The Frontal Cortex


I have had the tragic privilege of living in New York during 9/11 and London during 7/7. The two events are, of course, incomparable, if only because the falling skyscrapers puncutated our lives without warning. I still vividly remember the first night of 9/11, when the stench of melted plastic seeped uptown, and the thousands of dead were still smoldering, and the skyline had been broken. There was still smoke in the air, and the sick smell of it had taken care of my hunger. We knew that everything had changed.

We were right. History pivoted with the hi-jacked planes. The wars that began on that beautiful morning are still raging. Thousands and thousands of people have died because a group of deranged men were able to sneak some boxcutters past the X-ray machine. The world turns on such insignificant things.

And yet, I also remember feeling that not enough changed, that the world persisted in such silly ways. Ob-la-di, Ob-la-da, the Beatles sang, and they were right. Life does go on. I was living 100 blocks north of the falling towers, and just a few subway stops away from London’s underground bombs. And I heard nothing. No screams, no cries, no explosions. Just the ordinary sounds of a civilized morning. The sirens were wailing in the distance. I remember thinking that they sounded so far away.

What I am trying to say? It is easy to talk about our tragedy, our national grief. But pain is painfully local, and we should never forget that the few are always burdened with an unfair share of suffering. I shared an area code with those who died, and yet I heard nothing. I breathed in their dust, and yet I kept on breathing. Auden said it best:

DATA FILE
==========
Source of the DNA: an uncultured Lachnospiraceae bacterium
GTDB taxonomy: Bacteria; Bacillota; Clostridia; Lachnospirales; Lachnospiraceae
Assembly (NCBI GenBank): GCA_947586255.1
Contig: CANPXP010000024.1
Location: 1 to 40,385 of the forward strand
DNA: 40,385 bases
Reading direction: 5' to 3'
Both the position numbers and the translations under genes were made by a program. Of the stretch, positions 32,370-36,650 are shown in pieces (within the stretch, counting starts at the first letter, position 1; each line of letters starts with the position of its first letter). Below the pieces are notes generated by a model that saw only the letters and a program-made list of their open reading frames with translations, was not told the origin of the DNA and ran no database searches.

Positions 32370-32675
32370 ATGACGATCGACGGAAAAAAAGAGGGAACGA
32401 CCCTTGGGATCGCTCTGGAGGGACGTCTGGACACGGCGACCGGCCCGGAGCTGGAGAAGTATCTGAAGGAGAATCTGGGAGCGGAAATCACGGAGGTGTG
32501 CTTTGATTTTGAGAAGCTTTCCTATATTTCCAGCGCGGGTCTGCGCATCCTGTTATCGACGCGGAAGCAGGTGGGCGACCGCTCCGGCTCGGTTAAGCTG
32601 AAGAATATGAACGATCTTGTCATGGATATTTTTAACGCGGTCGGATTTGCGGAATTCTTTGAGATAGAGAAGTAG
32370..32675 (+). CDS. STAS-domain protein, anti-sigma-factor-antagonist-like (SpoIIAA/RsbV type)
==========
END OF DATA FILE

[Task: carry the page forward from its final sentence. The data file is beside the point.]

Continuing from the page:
“About suffering they were never wrong,
The Old Masters; how well, they understood
Its human position; how it takes place
While someone else is eating or opening a window or just walking dully along;
How, when the aged are reverently, passionately waiting
For the miraculous birth, there always must be
Children who did not specially want it to happen, skating
On a pond at the edge of the wood:
They never forgot
That even the dreadful martyrdom must run its course
Anyhow in a corner, some untidy spot
Where the dogs go on with their doggy life and the torturer’s horse
Scratches its innocent behind on a tree.
In Breughel’s Icarus, for instance: how everything turns away
Quite leisurely from the disaster; the ploughman may
Have heard the splash, the forsaken cry,
But for him it was not an important failure; the sun shone
As it had to on the white legs disappearing into the green
Water; and the expensive delicate ship that must have seen
Something amazing, a boy falling out of the sky,
had somewhere to get to and sailed calmly on.”


  1. #1 Dan
    September 11, 2006

    Thanks for the beautiful sentiments and poem.

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